Medical marijuana: Hashing out the legal issues
[Editor's note: This is part one of a two-part article. Read part two here: Is senior care going to pot?]
Medical marijuana is here to stay and will almost certainly enjoy increasing legal protections and growing acceptance in the medical/scientific communities. More than half of Americans live in jurisdictions where medical marijuana is legal in some form.
Twenty-five states and the District of Columbia have already legalized medical marijuana and more than a dozen other states have related pending legislation. However, while half of the country’s states have passed laws decriminalizing medical marijuana, it is still illegal under federal law. Does that matter? Yes, because federal law trumps state law. Moreover, every nursing home, hospice, home health agency and hospital that participates in the Medicare program must agree to follow all federal laws. So, what’s a provider to do?
According to a study published in the July 2016 issue of Health Affairs journal, the use of prescription drugs, including opioids, fell precipitously in states that legalized medical marijuana. The authors concluded that where medical marijuana replaced prescription medications, the savings to Medicare was $165.2 million in 2013 alone.[i]
People who live in states where medical marijuana is legal may take comfort that they will not likely be prosecuted as long as they comply with state law. This is especially important for nursing homes and hospices that want to allow residents/patients with end-stage cancer, amyotrophic lateral sclerosis (ALS), Parkinson’s Disease and specific other medical conditions to obtain and use medical marijuana.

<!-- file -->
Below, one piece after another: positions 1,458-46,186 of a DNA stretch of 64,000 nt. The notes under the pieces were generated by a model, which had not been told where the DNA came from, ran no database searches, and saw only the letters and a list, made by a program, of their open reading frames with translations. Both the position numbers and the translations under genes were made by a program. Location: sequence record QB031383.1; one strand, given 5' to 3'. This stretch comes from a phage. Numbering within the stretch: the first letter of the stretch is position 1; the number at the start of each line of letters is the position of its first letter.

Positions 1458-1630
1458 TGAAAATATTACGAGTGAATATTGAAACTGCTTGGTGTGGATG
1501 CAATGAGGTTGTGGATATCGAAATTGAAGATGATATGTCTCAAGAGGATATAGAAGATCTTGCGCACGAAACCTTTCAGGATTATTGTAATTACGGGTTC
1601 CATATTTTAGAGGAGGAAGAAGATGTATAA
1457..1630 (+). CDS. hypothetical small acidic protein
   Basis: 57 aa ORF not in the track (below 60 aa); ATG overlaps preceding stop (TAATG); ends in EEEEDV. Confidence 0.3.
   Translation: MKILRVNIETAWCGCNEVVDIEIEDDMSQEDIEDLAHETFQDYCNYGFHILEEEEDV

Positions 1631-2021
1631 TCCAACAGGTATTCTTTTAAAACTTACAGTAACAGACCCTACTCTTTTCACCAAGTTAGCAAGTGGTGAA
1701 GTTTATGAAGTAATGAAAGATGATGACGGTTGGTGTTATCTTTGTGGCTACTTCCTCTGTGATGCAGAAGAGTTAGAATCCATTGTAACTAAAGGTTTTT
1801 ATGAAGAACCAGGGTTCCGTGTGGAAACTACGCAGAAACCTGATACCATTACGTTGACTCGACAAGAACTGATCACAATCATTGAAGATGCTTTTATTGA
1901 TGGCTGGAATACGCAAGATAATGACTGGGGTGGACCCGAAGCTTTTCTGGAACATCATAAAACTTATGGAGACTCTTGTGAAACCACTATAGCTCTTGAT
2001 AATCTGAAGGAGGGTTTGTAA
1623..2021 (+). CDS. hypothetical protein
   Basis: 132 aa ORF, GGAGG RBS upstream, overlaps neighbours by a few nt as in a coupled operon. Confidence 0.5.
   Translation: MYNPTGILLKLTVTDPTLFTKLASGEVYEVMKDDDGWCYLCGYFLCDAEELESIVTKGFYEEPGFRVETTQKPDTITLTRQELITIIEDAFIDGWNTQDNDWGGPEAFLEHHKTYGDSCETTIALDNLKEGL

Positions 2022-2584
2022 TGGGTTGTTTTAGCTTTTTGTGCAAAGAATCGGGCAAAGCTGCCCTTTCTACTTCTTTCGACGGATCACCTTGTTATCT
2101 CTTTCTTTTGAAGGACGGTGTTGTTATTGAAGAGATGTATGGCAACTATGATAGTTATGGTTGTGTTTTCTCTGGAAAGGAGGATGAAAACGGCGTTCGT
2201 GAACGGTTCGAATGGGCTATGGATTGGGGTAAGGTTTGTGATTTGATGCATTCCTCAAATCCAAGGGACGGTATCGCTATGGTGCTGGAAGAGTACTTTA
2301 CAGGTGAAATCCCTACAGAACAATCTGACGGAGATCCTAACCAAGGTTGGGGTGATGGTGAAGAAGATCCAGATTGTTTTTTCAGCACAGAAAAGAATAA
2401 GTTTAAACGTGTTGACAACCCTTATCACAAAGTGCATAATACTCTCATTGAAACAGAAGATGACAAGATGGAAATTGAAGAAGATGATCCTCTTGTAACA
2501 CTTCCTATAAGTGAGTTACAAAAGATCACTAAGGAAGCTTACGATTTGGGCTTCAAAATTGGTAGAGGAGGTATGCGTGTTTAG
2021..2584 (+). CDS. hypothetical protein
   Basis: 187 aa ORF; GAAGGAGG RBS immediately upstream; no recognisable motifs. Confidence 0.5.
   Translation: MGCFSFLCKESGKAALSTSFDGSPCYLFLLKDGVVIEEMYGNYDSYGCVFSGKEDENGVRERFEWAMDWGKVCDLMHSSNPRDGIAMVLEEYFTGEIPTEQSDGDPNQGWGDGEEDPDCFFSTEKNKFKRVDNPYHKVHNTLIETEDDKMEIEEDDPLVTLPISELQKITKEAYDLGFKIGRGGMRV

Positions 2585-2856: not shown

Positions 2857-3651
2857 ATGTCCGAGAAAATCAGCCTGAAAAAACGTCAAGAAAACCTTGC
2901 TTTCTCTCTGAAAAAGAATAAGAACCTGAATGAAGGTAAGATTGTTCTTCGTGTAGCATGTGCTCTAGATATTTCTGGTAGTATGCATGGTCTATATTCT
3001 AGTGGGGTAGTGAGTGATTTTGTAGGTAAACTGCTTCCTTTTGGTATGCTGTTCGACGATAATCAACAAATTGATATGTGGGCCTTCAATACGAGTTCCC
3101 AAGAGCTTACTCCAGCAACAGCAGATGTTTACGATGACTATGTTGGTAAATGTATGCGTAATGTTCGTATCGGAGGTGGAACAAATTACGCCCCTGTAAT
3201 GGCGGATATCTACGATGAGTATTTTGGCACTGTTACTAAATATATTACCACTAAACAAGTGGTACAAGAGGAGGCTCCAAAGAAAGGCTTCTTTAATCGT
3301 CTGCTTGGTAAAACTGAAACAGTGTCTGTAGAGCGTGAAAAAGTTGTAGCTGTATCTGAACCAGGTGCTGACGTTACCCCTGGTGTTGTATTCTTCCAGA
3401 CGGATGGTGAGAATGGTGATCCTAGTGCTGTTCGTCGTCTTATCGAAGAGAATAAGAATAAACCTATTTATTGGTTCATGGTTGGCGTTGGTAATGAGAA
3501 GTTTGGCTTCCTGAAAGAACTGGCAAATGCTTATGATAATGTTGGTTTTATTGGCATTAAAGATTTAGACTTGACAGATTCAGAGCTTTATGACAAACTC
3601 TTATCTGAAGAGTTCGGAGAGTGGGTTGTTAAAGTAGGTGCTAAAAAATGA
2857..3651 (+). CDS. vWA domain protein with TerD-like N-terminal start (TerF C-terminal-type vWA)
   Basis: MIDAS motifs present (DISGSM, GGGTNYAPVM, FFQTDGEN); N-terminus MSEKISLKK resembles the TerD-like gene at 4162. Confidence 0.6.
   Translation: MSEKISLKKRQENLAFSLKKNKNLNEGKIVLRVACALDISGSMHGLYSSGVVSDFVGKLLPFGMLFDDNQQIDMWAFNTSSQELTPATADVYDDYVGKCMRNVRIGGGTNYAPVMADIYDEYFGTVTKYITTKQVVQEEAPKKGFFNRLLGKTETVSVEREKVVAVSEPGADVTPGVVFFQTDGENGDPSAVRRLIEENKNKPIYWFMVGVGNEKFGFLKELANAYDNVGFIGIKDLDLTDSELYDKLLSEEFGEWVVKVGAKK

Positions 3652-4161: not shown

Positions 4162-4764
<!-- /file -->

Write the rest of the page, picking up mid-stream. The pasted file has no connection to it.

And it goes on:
As demonstrated below, the laws in the 25 states that have legalized medical marijuana are as diverse and inconsistent as the states themselves. It is the goal of this article to help healthcare providers and patients navigate the murky waters and thorny legal issues surrounding this important area.
The conflict is not just between federal and state law; there appears to be an inherent conflict in the relevant federal laws. On one hand, federal regulations mandate respecting residents’ rights, such as the right to have a resident’s needs accommodated. According to 42 C.F.R. § 483.15(e), “A resident has the right to reside and receive services in the facility with reasonable accommodation of individual needs and preferences, except when the health or safety of the individual or other residents would be endangered.” Another applicable federal regulation requires that “A facility must care for its residents in a manner and in an environment that promotes maintenance or enhancement of each resident’s quality of life.” (42 C.F.R. § 483.15). On the other hand, possession or use of medical marijuana is prohibited by federal law (21 U.S.C. § 841), placing nursing homes, hospices and other healthcare providers on the horns of a dilemma.
The evolving science regarding cannabis
Among the more than 60 active ingredients in marijuana are tetrahydrocannabinol (THC) and cannabidiol (CBD). The former has psychoactive properties while the latter does not.
According to a recent study published in The Lancet Neurology, Orrin Devinsky, MD, professor of neurology, neurosurgery, and psychiatry and director of the Comprehensive Epilepsy Center at New York University (NYU) Langone, CBD was effective in reducing seizure frequency among the patients in the study. Devinsky and his team of researchers concluded that CBD was safe for most children and young adults enrolled in a year-long study led by epilepsy specialists at NYU Langone Medical Center.[ii] The researchers’ findings are among the first estimates of safety and efficacy of CBD in children and adults who suffer from severe epilepsy resistant to conventional medication.